Thanks to a stubbornly poor economy and philosophical – some would say foundational – high stakes apparent in the presidential election, it’s clear from political blogs, letters to the editor, and word on the street that tensions are running high in the country, and that extends to politics. The recent shooting of a guard at the conservative Family Research Council by a gay rights activist supports that.
“The American people are so hot and so angry that it would not take much to set off a raging political fire,” columnist Michael Snyder writes on Hawaii News Daily website.
Although civil unrest is always possible (check out this long Wikipedia list here), there is very little reason to believe any of the doomsday “civil war” scenarios trotted out by people like Judge Head will actually come true.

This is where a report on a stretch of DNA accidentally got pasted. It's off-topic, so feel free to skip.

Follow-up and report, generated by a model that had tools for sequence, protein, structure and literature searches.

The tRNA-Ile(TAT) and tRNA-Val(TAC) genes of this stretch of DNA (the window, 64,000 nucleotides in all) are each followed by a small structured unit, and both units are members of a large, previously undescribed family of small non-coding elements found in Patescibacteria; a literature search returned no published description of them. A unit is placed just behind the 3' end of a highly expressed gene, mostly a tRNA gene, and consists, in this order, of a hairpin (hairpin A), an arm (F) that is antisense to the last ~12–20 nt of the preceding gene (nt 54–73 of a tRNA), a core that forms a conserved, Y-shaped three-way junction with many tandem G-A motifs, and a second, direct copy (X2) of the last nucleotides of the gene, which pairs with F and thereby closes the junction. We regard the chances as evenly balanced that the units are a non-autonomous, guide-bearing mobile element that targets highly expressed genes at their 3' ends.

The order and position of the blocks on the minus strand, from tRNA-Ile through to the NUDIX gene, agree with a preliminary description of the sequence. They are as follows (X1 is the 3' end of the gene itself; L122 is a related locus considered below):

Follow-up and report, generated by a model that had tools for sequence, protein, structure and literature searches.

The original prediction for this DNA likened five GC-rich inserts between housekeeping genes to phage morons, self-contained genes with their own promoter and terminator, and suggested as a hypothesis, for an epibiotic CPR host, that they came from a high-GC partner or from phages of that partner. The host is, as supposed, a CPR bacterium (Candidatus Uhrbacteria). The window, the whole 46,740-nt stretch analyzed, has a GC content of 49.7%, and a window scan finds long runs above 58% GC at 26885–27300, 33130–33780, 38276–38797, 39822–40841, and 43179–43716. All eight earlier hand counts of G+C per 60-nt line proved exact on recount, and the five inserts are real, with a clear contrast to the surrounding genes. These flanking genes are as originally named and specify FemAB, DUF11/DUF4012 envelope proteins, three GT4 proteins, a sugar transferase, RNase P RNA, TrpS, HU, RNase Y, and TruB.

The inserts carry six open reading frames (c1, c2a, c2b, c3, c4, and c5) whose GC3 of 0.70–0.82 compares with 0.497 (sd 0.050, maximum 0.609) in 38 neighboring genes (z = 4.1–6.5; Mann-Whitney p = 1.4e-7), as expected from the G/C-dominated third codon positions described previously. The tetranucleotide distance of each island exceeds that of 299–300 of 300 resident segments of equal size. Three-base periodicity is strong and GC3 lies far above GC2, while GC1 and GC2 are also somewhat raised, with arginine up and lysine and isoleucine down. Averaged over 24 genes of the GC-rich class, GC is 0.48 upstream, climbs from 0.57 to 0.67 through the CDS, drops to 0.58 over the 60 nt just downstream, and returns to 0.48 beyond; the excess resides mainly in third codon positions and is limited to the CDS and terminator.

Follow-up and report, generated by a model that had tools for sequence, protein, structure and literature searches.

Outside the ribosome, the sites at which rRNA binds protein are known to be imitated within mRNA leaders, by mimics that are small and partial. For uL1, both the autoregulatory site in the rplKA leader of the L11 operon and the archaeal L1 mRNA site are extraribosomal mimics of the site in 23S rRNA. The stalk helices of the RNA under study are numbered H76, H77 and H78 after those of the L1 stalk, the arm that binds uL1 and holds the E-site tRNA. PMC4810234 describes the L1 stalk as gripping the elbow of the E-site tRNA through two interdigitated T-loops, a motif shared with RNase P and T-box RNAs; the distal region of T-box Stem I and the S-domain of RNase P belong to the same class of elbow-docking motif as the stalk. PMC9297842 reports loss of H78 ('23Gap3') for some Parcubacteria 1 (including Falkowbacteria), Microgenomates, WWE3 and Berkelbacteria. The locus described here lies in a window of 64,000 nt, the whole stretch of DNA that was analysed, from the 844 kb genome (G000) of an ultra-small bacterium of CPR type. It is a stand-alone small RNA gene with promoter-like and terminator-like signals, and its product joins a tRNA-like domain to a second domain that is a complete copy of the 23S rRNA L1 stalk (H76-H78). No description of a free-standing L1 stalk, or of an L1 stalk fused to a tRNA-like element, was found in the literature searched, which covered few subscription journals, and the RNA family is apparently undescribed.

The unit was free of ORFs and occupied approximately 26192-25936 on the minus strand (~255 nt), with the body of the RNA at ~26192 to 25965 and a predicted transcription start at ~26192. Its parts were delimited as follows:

Today’s stakes, though substantial, are not of civil-war caliber. Whether Obama or Romney is elected in November, chances are great that the workings of the Constitution will temper any revolutionary strains, as it has since the end of the Civil War.
Take, for example, the tension between the Obama administration and Texas – and, yes, there are a few beefs there, ranging from emergency aid for wildfires to voter ID. Those disagreements, despite the polarization and heated rhetoric, are being worked out in the place the Founders intended: the courts and the electoral system. Houston, Dallas and El Paso remain calm.